Sometimes the online world reveals unsuspected parallel dimensions. This is an unknown restyle of Neural independently (and secretly as we never knew about it) made by NY-based Motion and Graphic Designer, Clarke Blackham. Very nicely made, perhaps only a bit glossier for the magazine’s line, it testifies once more how even your most familiar outcomes can have another life somewhere else.
02:04:02 Techno Poetry Festival 2002.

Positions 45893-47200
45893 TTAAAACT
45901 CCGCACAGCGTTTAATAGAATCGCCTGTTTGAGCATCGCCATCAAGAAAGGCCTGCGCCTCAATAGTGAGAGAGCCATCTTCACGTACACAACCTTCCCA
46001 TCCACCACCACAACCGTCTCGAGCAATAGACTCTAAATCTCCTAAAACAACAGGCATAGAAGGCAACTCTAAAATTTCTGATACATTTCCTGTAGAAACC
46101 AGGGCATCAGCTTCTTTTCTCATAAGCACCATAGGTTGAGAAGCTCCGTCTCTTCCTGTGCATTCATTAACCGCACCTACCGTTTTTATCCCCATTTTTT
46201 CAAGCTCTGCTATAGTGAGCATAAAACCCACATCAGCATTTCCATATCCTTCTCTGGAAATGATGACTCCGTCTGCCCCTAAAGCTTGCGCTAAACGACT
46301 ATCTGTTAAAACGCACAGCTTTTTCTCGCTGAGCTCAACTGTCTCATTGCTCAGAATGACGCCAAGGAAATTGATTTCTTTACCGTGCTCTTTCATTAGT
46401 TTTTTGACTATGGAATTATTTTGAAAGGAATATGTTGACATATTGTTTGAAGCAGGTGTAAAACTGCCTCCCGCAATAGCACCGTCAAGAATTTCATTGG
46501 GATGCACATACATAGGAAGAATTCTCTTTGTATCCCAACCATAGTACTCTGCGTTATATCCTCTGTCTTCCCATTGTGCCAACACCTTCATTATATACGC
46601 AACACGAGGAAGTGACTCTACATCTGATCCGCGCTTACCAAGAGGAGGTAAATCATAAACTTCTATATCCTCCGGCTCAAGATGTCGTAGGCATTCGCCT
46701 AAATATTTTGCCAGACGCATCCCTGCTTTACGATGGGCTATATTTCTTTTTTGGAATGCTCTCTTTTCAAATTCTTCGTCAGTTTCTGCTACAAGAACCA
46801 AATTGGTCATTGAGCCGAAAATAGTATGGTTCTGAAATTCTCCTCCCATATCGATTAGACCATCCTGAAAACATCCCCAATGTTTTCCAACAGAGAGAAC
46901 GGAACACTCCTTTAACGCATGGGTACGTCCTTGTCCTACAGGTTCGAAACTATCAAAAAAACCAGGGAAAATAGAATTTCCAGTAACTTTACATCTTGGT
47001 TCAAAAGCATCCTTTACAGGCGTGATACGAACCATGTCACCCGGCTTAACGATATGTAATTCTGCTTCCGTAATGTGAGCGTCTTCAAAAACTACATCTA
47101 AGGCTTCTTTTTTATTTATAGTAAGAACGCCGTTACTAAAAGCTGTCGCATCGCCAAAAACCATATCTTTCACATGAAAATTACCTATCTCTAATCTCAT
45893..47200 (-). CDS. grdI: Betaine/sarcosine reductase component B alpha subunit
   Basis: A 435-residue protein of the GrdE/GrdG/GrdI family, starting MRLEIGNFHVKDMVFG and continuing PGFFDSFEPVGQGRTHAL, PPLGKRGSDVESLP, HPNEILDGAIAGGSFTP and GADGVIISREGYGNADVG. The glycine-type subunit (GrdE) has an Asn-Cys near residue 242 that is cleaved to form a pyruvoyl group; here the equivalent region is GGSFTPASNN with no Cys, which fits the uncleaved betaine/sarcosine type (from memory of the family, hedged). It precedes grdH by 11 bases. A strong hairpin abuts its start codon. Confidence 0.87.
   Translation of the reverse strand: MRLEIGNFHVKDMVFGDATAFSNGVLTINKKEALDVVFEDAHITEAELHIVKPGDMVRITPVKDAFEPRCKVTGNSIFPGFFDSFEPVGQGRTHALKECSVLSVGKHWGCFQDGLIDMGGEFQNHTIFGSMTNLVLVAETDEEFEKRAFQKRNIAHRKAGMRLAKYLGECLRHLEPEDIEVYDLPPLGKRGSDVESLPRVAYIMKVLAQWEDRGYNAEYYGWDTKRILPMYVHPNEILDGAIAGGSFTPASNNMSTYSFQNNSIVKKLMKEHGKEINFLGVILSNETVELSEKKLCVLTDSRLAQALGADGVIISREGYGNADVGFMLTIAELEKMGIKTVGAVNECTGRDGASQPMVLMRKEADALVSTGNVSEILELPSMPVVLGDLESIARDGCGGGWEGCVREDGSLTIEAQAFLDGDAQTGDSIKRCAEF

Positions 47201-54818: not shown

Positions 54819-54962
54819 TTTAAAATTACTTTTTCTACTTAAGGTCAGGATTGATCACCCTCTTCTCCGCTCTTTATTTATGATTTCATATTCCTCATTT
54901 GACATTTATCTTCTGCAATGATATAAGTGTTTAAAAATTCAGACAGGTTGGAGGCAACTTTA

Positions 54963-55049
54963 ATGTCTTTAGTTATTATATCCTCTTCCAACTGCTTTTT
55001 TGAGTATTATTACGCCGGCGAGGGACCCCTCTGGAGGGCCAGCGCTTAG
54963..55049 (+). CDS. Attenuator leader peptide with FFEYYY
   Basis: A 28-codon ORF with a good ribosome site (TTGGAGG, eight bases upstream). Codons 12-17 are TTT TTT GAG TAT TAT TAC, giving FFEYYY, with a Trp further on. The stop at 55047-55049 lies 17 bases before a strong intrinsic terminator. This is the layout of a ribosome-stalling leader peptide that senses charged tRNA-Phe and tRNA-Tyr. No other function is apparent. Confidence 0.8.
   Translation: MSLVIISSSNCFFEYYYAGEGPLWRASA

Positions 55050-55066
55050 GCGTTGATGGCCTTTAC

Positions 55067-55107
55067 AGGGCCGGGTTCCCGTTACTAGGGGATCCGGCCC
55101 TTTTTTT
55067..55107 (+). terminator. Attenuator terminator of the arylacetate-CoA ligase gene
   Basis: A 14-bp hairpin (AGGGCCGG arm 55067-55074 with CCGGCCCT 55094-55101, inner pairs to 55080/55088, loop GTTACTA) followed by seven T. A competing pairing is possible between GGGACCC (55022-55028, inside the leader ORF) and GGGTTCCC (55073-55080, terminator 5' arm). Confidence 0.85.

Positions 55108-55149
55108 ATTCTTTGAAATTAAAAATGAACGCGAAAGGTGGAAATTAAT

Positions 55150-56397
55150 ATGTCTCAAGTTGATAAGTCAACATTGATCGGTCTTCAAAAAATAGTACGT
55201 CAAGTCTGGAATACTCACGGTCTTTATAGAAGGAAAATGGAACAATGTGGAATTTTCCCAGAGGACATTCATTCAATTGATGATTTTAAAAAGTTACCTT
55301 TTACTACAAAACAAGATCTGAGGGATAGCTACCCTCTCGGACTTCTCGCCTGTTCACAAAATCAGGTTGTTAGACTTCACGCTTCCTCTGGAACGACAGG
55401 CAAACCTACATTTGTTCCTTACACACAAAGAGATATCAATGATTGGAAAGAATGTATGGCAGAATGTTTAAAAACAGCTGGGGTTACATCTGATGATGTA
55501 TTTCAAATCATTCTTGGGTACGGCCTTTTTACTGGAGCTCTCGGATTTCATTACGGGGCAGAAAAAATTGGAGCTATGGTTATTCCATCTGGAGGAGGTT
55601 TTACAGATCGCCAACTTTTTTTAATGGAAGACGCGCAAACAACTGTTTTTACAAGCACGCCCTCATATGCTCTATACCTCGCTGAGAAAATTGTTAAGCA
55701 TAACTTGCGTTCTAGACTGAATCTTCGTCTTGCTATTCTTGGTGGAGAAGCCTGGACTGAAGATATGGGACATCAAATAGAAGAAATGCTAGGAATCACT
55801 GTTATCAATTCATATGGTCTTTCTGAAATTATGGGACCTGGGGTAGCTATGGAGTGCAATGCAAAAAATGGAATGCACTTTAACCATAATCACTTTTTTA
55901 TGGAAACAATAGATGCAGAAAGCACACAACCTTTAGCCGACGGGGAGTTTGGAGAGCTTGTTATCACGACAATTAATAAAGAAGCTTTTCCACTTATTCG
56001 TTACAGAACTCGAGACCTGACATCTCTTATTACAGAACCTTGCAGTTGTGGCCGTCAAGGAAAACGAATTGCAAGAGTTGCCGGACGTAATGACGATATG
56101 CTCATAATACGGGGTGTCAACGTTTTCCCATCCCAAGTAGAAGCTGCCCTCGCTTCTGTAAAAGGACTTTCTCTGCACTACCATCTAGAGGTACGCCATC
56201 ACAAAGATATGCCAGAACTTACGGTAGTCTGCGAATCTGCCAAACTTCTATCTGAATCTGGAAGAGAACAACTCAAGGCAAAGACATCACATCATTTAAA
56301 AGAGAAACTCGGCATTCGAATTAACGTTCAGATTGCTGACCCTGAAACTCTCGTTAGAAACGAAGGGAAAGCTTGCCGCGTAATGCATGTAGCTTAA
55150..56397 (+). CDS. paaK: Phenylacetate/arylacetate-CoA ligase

For two days (April 1st and 2nd) takes place at the Wesley Center for New Media at Georgia Tech in Atlanta (USA), the Techno Poetry Festival 2002 , an exhibition of net art and electronic art that focuses on literature and storytelling its focal point. The artists in the exhibition are John Cayley, with 'riverisland', a work in which a Chinese poem is transformed through transcripts algorithmic and 'Speaking Clocks', in which a clock generates the language that can be used to describe the same time; Diane Gromala with 'Biomorphic Typography', an installation in which the user is connected with biofeedback devices that deforms accordingly font with which writes the same in real time, making reference to heartbeat, respiration and galvanic skin sensitivity; Eduardo Kac with 'Genesis' (see Genes artist stream ); Eugene Thacker with 'Biotech Hobbyist', a collective that studies interdisclipinare interventions 'low-tech' on modern biotechnology, Camille Utterback with 'Text Rain', developed in conjunction with Romy Archituv, an installation in which users interact with a projected video playing with the flood of letters that fall from above, based on the poem 'You Talk' Evan Zimroth and, finally, Sha Xin Wei with 'Hubbub', ( in the image) an installation which combines speech recognition with dynamic typography and videos projected to explore the boundaries between writing and language. This evening, the festival ends with the performance of the famous musician and choreographer Pauline Oliveros, the researcher at the Banff Center for the Arts of virtual environments and computerized coreography Yakov Sharir, and Diana Reed Slattery, author of Glide, a visual language for the dance.